Travelling the World with Ernest Hemingway

Miscellaneous materials relating to Hemingway's East African air safaris, from the collection of his pilot, Captain Roy Marsh
Miscellaneous materials relating to Hemingway’s East African air safaris, from the collection of his pilot, Captain Roy Marsh

by Ashleigh Redmond

 

From Idaho to Slovenia, my travels over the past six years have been, at least in part, inspired by Ernest Hemingway. My partner has had a healthy obsession with Hemingway since he was young, and we have been lucky enough to visit some of the most significant places in Hemingway’s life.

Ketchum, Idaho

Having some friends who try to visit Ketchum, Idaho every few years, we tagged along with them to the mountains of Sun Valley in 2013. Now a playground for tech billionaires for their annual summit, Sun Valley has always enjoyed the presence of celebrities, including writers like Hemingway. Hemingway started visiting Sun Valley in the 1930’s and chose the mountains as his final resting place in 1961. Travelling from his home in Havana with fellow writer Martha Gellhorn, he greatly enjoyed the fishing and duck hunting in the dry Idaho mountains. Most notably, he wrote his classic work For Whom the Bell Tolls in Room 203 of the Sun Valley Lodge.

Forced from his home in Cuba in 1960, Hemingway settled in Ketchum to build his final home. Suffering greatly from paranoia and depression, he took his own life, and his grave can be found in the Ketchum Cemetery.

My partner visited his grave and dropped the requisite coins as tribute, and then we went exploring for the natural hot spring that was in the nearby wilderness. A fitting end, we thought.

A close up from the sign outside of the Iconoclast Bookshop (old location) in Ketchum, Idaho.

 

Ljubljana, Slovenia

Travelling to Slovenia ended up being a happy accident, but yes, we ventured forth to the country that is home to one of the bloodiest fronts of World War One, the ‘picturesque front’ in Hemingway’s A Farewell to Arms.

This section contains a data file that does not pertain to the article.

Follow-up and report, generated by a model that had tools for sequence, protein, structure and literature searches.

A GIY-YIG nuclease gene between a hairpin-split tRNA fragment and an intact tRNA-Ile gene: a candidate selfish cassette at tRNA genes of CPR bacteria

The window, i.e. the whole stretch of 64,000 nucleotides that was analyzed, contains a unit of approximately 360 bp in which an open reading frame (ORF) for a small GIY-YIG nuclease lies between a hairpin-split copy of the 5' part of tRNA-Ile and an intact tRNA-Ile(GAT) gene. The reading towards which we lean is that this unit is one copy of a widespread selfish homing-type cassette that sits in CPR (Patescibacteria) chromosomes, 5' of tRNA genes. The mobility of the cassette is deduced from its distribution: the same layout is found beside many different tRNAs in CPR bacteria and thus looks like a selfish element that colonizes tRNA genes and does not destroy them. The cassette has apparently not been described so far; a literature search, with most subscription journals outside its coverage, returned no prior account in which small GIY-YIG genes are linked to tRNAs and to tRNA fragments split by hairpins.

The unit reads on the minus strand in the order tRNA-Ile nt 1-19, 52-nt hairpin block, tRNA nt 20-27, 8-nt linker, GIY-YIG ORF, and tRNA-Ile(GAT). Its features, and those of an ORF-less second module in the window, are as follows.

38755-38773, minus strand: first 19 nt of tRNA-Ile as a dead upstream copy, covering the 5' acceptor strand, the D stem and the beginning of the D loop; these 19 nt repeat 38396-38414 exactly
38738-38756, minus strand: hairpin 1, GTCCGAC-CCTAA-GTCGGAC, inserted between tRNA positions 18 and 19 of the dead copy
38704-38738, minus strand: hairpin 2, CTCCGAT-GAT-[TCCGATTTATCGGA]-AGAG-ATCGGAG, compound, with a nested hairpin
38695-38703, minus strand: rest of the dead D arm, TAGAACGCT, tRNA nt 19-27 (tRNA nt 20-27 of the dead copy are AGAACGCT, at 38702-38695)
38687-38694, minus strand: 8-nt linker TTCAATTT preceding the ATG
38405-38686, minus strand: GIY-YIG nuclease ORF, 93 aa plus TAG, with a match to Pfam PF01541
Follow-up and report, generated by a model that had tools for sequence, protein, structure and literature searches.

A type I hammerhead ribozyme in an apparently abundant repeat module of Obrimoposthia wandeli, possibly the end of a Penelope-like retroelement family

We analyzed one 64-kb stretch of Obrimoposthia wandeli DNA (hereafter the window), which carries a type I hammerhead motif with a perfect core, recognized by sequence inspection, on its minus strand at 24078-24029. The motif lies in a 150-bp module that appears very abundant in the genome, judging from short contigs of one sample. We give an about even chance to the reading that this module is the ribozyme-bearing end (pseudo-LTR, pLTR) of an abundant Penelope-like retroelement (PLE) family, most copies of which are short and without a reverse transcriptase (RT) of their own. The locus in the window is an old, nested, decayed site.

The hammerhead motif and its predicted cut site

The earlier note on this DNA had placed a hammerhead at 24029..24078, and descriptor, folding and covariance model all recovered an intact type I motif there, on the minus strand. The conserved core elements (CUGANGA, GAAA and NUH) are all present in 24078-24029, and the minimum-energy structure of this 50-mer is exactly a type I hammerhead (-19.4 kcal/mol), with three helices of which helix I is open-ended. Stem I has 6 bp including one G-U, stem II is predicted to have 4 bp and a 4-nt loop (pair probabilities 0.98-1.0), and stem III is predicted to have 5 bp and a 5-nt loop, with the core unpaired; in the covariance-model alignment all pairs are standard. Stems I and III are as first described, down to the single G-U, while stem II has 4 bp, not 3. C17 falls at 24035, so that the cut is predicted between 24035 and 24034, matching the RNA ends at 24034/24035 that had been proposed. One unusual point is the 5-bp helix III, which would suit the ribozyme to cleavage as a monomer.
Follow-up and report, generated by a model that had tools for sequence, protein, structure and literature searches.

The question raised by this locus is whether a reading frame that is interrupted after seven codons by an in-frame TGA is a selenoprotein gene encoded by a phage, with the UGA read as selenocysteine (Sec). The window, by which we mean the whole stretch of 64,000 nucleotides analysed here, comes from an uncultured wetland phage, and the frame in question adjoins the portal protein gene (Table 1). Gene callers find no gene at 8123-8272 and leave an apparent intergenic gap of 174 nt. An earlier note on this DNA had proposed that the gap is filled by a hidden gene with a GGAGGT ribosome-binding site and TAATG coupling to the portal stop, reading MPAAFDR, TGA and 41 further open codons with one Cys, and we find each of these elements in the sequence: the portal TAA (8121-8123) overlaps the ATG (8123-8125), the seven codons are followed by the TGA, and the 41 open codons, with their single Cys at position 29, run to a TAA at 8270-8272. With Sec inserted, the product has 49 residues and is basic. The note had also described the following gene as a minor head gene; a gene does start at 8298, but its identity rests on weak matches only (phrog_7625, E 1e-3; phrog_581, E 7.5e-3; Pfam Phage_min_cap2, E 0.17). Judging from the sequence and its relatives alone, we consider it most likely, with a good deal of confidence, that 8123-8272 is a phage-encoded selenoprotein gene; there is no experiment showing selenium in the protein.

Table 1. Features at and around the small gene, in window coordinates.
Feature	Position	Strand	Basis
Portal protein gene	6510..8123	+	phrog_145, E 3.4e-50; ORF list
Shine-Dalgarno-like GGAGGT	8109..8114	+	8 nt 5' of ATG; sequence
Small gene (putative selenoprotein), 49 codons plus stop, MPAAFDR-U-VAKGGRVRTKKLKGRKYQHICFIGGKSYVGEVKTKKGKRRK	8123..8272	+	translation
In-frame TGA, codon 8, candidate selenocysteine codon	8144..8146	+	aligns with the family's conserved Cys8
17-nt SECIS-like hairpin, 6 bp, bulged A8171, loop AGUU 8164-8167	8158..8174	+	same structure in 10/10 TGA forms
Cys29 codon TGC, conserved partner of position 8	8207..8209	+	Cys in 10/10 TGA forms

I was already in the United Kingdom for grad school when my partner emailed me an article about the 90km-long The Walk of Peace hiking trail that was home to many WWI battles, including battles Hemingway himself participated in while serving as a volunteer ambulance driver with the American Red Cross. I happened to be sitting in the same room with a Slovenian classmate when I opened the email, and she graciously invited us to stay with her in her Ljubljana home.

While we never quite made it to The Walk of Peace, Slovenia was an amazing place to explore. The history and culture of the people were varied and immersive, and the geography of the country was exquisite.

We have already logged over 7,000 miles following Hemingway, but we haven’t yet made it to Key West or Havana. Once we are ready to travel again, we’ll be sure to check off a few more of Hemingway’s most influential places.

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This entry was written by and posted on October 10, 2017 at 9:42 am, filed under Bookstores, For Fun, Home Library, Literary Tourist and tagged , , , . Bookmark the permalink

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